Gaylord Western Complex Snags National Western Stock Show (UPDATE)

06/21/2011 02:16 pm ET | Updated Aug 21, 2011

The Aurora City Council approved a $300 million incentive package mid-June to help build an $800 million, Western-themed hotel and entertainment complex.

An announcement is expected in Aurora Tuesday by Gaylord Entertainment CEO Colin Reed. Gaylord Entertainment also owns the Opryland Resort and Convention Center in Nashville, Tennessee, in addition to resorts in Orlando, Dallas, and Washington, D.C.

The Denver Post reports that the National Western Stock Show has selected the Aurora site to host the event. Stock show officials intend to request the Denver City Council release them from an agreement to stage the event downtown until 2040. Officials hope to finance part of the relocation through Denver-issued general obligation bonds.


Construction on the sit will begin in mid-to-late 2012. Once completed, the hotel and resort will have 1,500 rooms, 400,000 square feet of meeting space, and "a dramatic atrium setting" with panoramic views of the Rockies. The hotel will be the largest in the metro area, and will be located 10 minutes from the Denver International Airport. Downtown Denver's Colorado Convention Center will remain the largest conference space in the metro area with 2.2 million square feet of room.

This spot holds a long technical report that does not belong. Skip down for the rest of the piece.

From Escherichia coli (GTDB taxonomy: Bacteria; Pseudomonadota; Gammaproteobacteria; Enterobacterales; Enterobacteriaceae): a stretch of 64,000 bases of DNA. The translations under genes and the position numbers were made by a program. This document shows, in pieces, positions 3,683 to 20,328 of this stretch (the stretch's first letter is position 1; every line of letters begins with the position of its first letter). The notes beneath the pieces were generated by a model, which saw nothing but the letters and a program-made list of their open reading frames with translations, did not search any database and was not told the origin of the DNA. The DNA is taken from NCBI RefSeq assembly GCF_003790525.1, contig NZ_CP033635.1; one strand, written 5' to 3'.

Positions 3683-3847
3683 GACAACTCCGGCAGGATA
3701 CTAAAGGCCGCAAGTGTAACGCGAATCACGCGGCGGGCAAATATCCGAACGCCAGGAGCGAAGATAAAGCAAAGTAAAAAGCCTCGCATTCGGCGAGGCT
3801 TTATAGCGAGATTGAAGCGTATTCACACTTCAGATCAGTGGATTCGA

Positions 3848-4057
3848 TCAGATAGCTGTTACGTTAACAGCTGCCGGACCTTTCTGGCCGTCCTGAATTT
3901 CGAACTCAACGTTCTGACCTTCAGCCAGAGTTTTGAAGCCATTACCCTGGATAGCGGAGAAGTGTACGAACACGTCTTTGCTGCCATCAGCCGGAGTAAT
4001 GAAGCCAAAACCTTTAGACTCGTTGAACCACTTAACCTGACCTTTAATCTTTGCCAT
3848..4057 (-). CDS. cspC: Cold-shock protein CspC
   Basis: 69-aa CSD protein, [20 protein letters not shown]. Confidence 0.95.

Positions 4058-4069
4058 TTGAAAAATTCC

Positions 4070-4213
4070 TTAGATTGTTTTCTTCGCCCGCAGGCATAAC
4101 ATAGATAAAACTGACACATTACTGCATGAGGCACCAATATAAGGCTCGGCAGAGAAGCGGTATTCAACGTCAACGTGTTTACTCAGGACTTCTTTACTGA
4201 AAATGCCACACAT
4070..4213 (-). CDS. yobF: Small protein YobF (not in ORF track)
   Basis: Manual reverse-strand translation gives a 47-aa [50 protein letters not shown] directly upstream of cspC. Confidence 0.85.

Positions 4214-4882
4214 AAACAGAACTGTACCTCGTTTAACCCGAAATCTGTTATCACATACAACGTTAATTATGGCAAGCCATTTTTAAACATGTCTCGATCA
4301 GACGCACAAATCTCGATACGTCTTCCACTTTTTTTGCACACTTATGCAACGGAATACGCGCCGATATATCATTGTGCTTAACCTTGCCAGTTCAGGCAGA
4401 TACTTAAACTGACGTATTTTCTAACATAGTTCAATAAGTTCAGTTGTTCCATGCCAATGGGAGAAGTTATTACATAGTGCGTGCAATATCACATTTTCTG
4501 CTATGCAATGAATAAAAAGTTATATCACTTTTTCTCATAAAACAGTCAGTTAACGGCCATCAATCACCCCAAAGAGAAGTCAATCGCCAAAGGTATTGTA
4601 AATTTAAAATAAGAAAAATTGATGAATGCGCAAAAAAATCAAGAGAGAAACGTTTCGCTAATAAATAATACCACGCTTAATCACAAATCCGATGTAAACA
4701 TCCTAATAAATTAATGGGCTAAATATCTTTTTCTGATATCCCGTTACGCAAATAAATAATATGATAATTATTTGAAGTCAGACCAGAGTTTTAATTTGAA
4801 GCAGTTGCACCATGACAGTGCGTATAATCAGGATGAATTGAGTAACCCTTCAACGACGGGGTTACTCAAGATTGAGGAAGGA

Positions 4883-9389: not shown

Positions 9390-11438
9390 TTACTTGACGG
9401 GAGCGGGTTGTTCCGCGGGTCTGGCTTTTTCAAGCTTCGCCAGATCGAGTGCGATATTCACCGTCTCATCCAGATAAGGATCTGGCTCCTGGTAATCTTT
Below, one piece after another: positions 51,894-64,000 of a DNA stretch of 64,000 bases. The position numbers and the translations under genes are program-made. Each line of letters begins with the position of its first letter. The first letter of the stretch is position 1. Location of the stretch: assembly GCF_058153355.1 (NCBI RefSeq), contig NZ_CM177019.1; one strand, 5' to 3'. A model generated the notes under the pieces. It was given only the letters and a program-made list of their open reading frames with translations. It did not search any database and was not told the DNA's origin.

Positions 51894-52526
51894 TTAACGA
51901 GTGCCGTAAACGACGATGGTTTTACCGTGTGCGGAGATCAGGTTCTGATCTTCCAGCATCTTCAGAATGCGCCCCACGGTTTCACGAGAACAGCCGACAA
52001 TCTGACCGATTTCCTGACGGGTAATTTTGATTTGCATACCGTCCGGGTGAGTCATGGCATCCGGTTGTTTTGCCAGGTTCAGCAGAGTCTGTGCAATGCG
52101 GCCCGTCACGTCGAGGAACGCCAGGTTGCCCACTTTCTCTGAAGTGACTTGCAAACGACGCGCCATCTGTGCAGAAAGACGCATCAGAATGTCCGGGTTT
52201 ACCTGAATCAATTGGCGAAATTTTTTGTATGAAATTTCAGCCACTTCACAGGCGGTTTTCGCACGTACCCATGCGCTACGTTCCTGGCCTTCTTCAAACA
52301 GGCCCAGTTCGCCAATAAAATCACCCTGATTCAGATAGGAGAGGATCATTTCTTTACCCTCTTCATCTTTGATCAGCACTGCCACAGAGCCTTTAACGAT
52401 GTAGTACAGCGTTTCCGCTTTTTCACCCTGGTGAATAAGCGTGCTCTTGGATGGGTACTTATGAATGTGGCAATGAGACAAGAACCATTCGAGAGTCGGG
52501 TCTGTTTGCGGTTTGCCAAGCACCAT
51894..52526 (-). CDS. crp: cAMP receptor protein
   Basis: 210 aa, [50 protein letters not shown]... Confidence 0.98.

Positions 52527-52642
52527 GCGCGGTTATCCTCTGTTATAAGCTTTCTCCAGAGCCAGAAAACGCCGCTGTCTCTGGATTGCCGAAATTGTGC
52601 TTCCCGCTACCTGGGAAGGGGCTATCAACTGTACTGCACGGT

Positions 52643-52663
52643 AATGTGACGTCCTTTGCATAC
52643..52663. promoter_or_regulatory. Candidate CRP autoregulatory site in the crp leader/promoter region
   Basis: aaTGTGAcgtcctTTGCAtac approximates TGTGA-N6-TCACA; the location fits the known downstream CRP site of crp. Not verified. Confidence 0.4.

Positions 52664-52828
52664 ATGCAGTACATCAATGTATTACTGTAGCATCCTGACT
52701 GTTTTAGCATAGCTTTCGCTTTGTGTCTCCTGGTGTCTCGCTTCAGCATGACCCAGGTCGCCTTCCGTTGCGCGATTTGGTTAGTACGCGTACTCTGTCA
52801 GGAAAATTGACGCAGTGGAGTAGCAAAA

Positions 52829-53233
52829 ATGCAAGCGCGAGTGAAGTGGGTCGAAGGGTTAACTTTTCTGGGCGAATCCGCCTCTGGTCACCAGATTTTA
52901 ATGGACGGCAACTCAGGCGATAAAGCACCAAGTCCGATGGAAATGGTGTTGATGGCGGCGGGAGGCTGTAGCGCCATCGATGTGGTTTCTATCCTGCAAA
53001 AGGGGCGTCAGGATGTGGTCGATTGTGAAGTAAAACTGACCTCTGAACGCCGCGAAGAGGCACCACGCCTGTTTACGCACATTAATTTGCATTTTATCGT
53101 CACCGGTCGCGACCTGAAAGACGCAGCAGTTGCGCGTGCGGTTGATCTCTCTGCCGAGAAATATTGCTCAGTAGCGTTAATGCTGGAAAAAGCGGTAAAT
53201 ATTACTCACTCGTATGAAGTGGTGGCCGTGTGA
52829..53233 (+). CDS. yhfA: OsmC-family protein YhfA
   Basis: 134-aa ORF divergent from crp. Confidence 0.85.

"We are thrilled by the prospect of a Gaylord property in the Denver Market, which has fast become one of the most desirable tourist and business travel destinations in the United States and a destination of choice for meeting planners and conventions," said Reed in a statement Tuesday.

Aurora has pledged to re-invest virtually all of the new taxes generated by the resort and convention center back into the project. "This project will bring thousands of new visitors to Colorado, "said Ed Tauer, Mayor of Aurora. "The community benefits are awesome."

The project is expected to create around 1,800 new jobs in Aurora, but is not without controversy. If the National Western Stock Show does indeed move from downtown Denver to Aurora, it will end a 105 year Denver tradition to say nothing of lost revenue for the city.

Writes Westword's Patricia Calhoun, "for a taste of the old West meeting the new, it's hard to beat the experience of standing under the I-70 overpass, drinking a Coors and watching the passing parade. Modern Denver may not appreciate its cowtown image, but it should fight for its cowtown cash."

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